Watching anime was never an intellectual pursuit, whatever that means.  It is and always was a form of entertainment.  It’s purpose is to entertain.  Sometimes it entertains by repackaging All Quiet on the Western Front as a magical girls show and sometimes it entertains us by engaging our fantasies of being a bad ass pirate, a harem king (or Queen), or a mecha pilot.  As long as it entertains, it has served it’s purpose.  Like a street entertainer, an anime is hoping to entertain you enough that you will spend some money on it, whether it’s on a Nendroid, a tankobon, or a Blu Ray, as you pass by.  Occasionally, like any form of media, there will be a show that really strikes a chord with you.  One that you feel elevated itself past mere entertainment.  Expecting to find a show like that every season or even every year is a surefire way to make yourself miserable.  Approach a show hoping to be entertained and talk about the ones that do entertain you.  That will make you and everyone around you happier.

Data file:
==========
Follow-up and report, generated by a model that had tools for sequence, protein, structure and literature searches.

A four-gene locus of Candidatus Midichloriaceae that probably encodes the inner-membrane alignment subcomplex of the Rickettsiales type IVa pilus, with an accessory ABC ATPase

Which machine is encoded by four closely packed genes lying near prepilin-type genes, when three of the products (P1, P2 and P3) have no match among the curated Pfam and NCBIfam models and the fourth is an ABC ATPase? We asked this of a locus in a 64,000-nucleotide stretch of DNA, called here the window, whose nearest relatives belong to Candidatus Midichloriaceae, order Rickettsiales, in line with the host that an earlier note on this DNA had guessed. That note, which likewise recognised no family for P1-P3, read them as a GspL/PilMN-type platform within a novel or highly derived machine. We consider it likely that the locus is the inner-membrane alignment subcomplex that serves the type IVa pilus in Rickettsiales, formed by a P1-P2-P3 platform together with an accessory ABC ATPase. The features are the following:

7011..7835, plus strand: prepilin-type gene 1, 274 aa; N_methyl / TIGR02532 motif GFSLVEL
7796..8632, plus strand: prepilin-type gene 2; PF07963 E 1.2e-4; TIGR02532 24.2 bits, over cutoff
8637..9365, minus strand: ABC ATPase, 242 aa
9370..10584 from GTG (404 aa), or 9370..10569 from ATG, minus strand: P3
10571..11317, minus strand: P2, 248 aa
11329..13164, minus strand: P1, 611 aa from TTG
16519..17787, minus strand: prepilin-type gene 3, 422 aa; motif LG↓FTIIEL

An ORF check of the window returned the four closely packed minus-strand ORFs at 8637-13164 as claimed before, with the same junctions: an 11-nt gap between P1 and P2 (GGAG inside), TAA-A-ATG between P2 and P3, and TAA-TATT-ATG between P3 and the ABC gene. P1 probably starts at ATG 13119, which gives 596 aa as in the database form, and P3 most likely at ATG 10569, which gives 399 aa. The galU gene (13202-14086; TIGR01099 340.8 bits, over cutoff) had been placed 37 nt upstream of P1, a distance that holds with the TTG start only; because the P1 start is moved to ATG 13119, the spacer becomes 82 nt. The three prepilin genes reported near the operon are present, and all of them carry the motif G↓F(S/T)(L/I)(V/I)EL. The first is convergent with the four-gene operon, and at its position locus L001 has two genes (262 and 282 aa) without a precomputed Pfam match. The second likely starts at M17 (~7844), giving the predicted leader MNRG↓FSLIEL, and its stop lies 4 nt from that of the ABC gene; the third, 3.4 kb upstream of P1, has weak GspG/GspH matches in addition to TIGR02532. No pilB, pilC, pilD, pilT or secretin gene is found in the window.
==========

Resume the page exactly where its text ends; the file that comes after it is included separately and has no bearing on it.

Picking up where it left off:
Everyone’s a Critic

I understand the desire to voice your opinion, I am writing on a blog after all.  Something to consider though, is that perhaps an opinion should be based on some experience before it is voiced.  You might be positive that Steins;Gate is “haremshit” after reading a blurb about the show being based on a VN, but perhaps that opinion shouldn’t be exposed until you have actually watched the show.  Your opinion is your own and nobody can take that away from you, but to the rest of the world you might look a like a condescending asshat when you bash a show you’ve never seen or dropped after one episode. (not that a true discriminating otaku cares what he looks like to the rest of the world, amiright?) If you walked up to that guy playing his guitar on the subway platform and told him how much he sucked before he even started playing, the people walking by might, justifiably, think that you have a screw loose.

All the Negativity that’s in this Fandom Sucks